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ESL Hip Hop: A Glimpse into Black American Culture through Music
Gabby: This is an All Ears English Podcast, Episode 133: “ESL Hip Hop: A Glimpse into Black American Culture through Music.” [Instrumental]
Gabby: Welcome to the All Ears English Podcast, where you’ll finally get real, native English conversation with your hosts, Lindsay McMahon, the ‘English Adventurer’ and Gabby Wallace, the ‘Language Angel,’ from Boston, USA.
Gabby: Lindsay, I’ve been reading our reviews on the iTunes store and I’m so happy.
Gabby: (I mean), I love hearing what our listeners think about the podcast.
Lindsay: Oh, it’s amazing. It makes everything feel so worth it. We work so hard, we work hard for you guys and we really want to know what you think.
Gabby: Absolutely. And, it’s a great way to practice your English, right…
Lindsay: There you go.
Gabby: …typing us a little message on iTunes. We love to see it.
Lindsay: So, please go ahead on over to your iTunes store and leave a review for All Ears English. We’ll be checking for them. Thanks guys.
Lindsay: In today’s show, Stephen Mayeux, from ESL Hip Hop, will show you the three Hip Hop songs that you must know to improve your English pronunciation.
Lindsay: Hey, Gabby. How’s it going?
Gabby: What’s up Lindsay?
Lindsay: I’m feeling awesome today. We have Stephen Mayeux from ESLHipHop.com. Welcome Stephen.
Stephen: What’s up guys? Thanks for having me.
Gabby: Yeah, our pleasure.
Lindsay: So you’re here to talk to us today about how you use, (um), Hip Hop to teach English. That’s so cool.
Stephen: Yeah, I, I, (uh), I, I, first fell in love with Hip Hop in college and (uh), and (uh), I really listened to a, a lot of different artists and as I became an English teacher, I thought, ‘Hey, (you know), why not take this, (uh), this music that I’m so passionate about, music for my classroom?’ So about a year ago, I blogged about it and, (uh), it’s been very successful since.
Lindsay: I like that.
Stephen: So, (uh), yeah, I’m happy to talk about it.
Lindsay: I like that.
Gabby: Yeah, and I think a lot of our listeners are curious about how to use Hip Hop to learn English too and it’s, it’s just, it’s a fun (kind of) music and,
(you know), from the US, you can learn about culture. (I mean), it’s great, it’s a great idea.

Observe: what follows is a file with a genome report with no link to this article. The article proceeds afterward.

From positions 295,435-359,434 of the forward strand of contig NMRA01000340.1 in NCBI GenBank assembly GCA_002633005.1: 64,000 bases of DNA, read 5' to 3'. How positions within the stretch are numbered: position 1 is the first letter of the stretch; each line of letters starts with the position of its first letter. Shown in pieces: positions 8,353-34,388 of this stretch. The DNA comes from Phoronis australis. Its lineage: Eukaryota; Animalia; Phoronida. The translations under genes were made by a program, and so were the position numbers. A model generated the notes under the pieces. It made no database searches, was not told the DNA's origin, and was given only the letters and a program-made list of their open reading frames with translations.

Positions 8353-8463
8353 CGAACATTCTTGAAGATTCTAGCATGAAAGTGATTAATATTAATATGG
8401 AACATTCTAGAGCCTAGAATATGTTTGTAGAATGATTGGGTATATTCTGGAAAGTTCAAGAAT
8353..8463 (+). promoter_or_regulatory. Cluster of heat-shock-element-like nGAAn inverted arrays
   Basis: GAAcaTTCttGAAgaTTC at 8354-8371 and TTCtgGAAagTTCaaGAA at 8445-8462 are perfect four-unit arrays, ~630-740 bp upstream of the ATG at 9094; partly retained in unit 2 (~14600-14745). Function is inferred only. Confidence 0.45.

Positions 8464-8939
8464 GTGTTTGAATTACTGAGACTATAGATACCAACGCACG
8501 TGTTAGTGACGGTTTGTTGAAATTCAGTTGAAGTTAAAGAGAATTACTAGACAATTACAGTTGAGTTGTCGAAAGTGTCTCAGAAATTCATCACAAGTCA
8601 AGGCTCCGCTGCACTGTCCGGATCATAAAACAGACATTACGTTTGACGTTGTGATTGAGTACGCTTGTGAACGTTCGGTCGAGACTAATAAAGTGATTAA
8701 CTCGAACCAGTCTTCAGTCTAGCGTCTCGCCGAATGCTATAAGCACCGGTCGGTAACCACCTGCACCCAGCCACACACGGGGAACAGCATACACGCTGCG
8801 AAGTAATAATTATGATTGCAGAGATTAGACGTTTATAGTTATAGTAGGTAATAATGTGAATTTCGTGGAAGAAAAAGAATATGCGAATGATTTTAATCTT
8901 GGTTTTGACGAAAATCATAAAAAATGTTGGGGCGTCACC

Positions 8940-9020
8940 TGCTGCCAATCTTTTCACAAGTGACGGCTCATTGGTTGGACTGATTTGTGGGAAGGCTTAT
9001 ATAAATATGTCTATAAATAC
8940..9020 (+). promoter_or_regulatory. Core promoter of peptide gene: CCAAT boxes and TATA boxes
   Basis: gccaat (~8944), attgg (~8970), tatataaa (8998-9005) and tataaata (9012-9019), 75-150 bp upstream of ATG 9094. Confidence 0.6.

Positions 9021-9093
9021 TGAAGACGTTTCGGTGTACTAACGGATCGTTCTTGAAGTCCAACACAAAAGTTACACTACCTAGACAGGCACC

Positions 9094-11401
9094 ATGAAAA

Lindsay: Definitely. So what are two or three songs that you would recommend for students to actually listen to to learn English.
Stephen: Okay, (um), I’ll present my top three songs in, in order of difficulty. So I’ll start with the easiest one for (like) a beginner, and then (uh) leading up to the most difficult. So, (uh), back in the ‘80s, (uh), there was this, (uh), (uh), female, (uh), duo – (uh), well there was actually three of them, but they’re called Salt-n-Pepa.
Stephen: This one song called “Push It.” And that’s great for beginners because it’s rather slow for Hip Hop and it’s very repetitive. So, you don’t have to, (uh), memorize a lot of different lyrics. It’s just a short amount of language, (uh), and you can really appreciate it. (Uh), it’s just so energetic and fun too.
Gabby: Can I say I get really excited when that song comes on.
Lindsay: I like that song too. It’s fun, it’s fun.
Stephen: It’s a great summer song too.
Stephen: We’re right around the corner from Memorial Day – so, (uh), whenever the weekend, (you know), comes up, it’s Friday, (uh), yeah, blast it on “Push It” by Salt-n-Pepa.
Stephen: And it’s really good stuff.
Stephen: (Um), I, I also love the underground artists, (uh), so A Tribe Called Quest.
Stephen: They’re a little more difficult, but they’re very lyrically gifted.
Stephen: And, (uh), they have one song called, “I Left My Wallet in El Segundo.”
Gabby: Oh, yeah.
Lindsay: I love that song.
Gabby: Yeah, that’s a great song.
Stephen: Classic song. It’s a, it’s great for, (uh), storytelling. They’re, they’re telling a, a basic story how he left his wallet in this small California town.
Stephen: And the hook, the chorus, is also very easy and repetitive, so I like using that one in class. And then finally, one that I, (uh), present to a lot of people, (uh), it, it’s, (uh), it’s politically conscious and it’s a bit more on the serious side. It’s not like party music like, (uh), “Push It”, but it’s got wonderful, minimal pairs
Stephen: …(uh), that demonstrate the difference between the “f” and “v” consonants.
Stephen: This song is by a great guy and his name is KRS-One…
Stephen: …and the song is “Sound of the Police.”
Lindsay: Oh, perfect. And did you want to, (uh), to demonstrate for us how you would, (uh), work with students to show the differences between the “f” and the “v” using that song?
Stephen: Yeah, absolutely. So, (uh), you, you can, (uh), find this lesson on my website at ESLHipHop.com, it’s available as a student version and a teacher version. (Uh), but basically, (uh), I have a worksheet available and perhaps this is (uh) a download you can, (uh), provide to accompany this podcast.
(Uh), but KRS-One, he does something, (uh), very intelligently with the two words, (um), that, that appear, (uh), a lot in this song. (Uh), let me give you some background information first. So, KRS-One, he was an artist that started in the South Bronx…
Stephen: …of New York City.
Stephen: And, (um), (you know), New York, it has many different neighborhoods and South Bronx is, (uh), where Hip Hop originated.
Stephen: And in the ‘80s, it was a very tough place to be.
Stephen: There was a lot of violence, and crime, and (uh), and, and, and poverty. It was not a good place to be.
Stephen: So KRS-One, he saw this around him and he also saw a less than positive experience from, (uh), the police.
Stephen: And he thought (uh), (you know), (you know), police, but also other reasons were destroying his community.
Stephen: So he got sick of it and instead of taking a violent approach and (uh), you, (you know), (uh), you, (you know), flipping over cars or setting fires, (uh), he used his voice, he used his intelligence, he used his music…